In 1990 Zara partnered with Toyota to apply the Lean and JIT principles to its production facilities. Zara’s plants are also product-focused and operate at 50% of capacity to provide flexibility given market demand.
Zara has two main distribution centers in Spain –Arteixo and Zaragoza-, from where all the clothing is distributed. DC’s also operate at a 50% capacity and are equipped with a cross-docking center which is able to manipulate more than 45.000 items per hour. Every product spends less than 3 days in the DC, usually only a few hours. The distribution to the stores happens twice per week –through truck or plane- and therefore eliminates the need to have local distribution centers in the countries where Zara is present.
In 2014 Zara implemented an RFID system to track inventory along the value chain. This system also allows store employees to locate inventory in other stores or on zara.com and therefore improves customer experience. RFID has improved efficiency by streamlining the replenishment order operations and making the inventory counting process 80% faster.
All in all, Zara has managed to leverage its supply chain to deliver its customer promise of affordable fast fashion.
Informe anual Inditex 2014: http://www.inditex.com/es/investors/investors_relations/annual_report
HUGAS, J. La Moda Rápida de Zara (2014). (ESADE Business School Case).
WELLS, J., DANSKIN, G. Inditex: 2012 (2014). (Harvard Business School Case)
GHEMAWAT, P., NUENO, J.L. Zara: fast fashion (2006). (Harvard Business School Case)
LOEB, W. Zara leads in fast fashion. Forbes (03/30/2015). http://www.forbes.com/sites/walterloeb/2015/03/30/zara-leads-in-fast-fashion/
H&M website: collaborations (consulted on 12/5/2015). http://about.hm.com/es/About/facts-about-hm/fashion-for-all/collections/collaborations.html
Student comments on Zara: disrupting the fashion industry
Very comprehensive analysis Silvia! I also love operations at Zara [not that we’re biased 😉 ]. As you mentioned, they’re truly a role-model in that they pioneered the translation of the Toyota model to the fashion industry. What I find fascinating is that they managed to be successful with “Every Day Low Prices” in an industry that’s very sales-driven. My hypothesis is that they effectively replaced the impulse trigger (“I need to buy now”): from using continuous discounts (“if I don’t buy now it will be more expensive”) to having fast fashion (“if I don’t buy now, it may not be on sale anymore”). This is great, because avoiding the discounts they have healthier and more predictable margins. I would love to explore if this benefit can be applied to other industries…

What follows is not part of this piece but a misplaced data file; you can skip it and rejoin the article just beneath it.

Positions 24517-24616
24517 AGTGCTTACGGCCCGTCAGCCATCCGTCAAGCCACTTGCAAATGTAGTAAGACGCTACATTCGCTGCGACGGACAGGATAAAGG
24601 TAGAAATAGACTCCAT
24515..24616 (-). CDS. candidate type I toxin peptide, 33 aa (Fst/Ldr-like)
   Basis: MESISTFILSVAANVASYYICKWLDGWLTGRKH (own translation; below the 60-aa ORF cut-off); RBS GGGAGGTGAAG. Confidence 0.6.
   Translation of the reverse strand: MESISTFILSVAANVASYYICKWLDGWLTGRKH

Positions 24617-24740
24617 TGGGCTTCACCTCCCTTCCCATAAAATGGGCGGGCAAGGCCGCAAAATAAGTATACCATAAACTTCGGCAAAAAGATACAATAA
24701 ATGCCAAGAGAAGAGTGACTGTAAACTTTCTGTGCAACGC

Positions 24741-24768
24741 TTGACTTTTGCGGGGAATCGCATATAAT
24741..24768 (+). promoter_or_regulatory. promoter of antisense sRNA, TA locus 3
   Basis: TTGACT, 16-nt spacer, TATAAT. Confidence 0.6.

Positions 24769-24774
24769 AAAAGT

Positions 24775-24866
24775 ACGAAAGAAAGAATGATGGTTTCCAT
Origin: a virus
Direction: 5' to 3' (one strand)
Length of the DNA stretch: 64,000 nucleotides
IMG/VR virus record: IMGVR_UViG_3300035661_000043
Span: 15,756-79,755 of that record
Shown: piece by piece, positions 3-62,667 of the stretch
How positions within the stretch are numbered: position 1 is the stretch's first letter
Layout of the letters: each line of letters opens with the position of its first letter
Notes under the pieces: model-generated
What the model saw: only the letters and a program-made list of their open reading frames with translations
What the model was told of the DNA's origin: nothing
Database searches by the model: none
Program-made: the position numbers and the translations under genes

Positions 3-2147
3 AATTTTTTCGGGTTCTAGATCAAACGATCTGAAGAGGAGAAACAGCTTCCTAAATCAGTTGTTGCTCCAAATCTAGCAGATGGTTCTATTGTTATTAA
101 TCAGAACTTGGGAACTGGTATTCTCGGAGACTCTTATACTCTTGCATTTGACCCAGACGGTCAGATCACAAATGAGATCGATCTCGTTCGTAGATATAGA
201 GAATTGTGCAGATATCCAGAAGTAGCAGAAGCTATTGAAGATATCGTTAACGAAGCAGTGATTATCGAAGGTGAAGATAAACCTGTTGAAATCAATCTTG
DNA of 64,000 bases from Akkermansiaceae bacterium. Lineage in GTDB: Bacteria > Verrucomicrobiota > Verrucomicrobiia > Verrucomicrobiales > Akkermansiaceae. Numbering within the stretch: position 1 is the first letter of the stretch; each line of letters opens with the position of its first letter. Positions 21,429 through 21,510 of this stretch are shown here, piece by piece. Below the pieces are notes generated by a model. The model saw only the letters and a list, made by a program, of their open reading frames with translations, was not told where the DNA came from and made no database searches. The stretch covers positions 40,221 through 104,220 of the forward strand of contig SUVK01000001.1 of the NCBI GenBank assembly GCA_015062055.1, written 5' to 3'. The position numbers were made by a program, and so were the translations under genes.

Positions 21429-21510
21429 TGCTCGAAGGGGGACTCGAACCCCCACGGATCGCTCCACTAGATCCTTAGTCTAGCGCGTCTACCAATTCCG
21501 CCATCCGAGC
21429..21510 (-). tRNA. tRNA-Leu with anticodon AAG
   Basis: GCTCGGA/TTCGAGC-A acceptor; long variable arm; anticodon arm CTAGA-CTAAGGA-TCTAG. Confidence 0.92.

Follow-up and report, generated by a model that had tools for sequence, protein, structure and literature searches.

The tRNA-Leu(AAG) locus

Great post! What impress me the most about their operating model is the importance of customer feedback and how they realized the importance of big data. Customers play a key role in determining which are the next trends. Zara invest a lot of energy in actually determine what items do their consumer wants by recording customer reactions in the stores or even recording the feedback that they give to the store staff. This type of information is reported to the headquarters on a daily basis, so the in-house designers can develop their new designs and the correct merchandise can be delivered the stores. Moreover, this effect is amplified if you consider their presence worldwide and the amount of information points they have.
What I really like about Zara is that even in the retail space where inventory is a big challenge given the large number of SKUs, they have been able to reduce inventory while at the same time launching new designs twice every week! Achieving this fine balance would not have been possible without the RFID, JIT and the soft launch trials for new designs. Really impressed!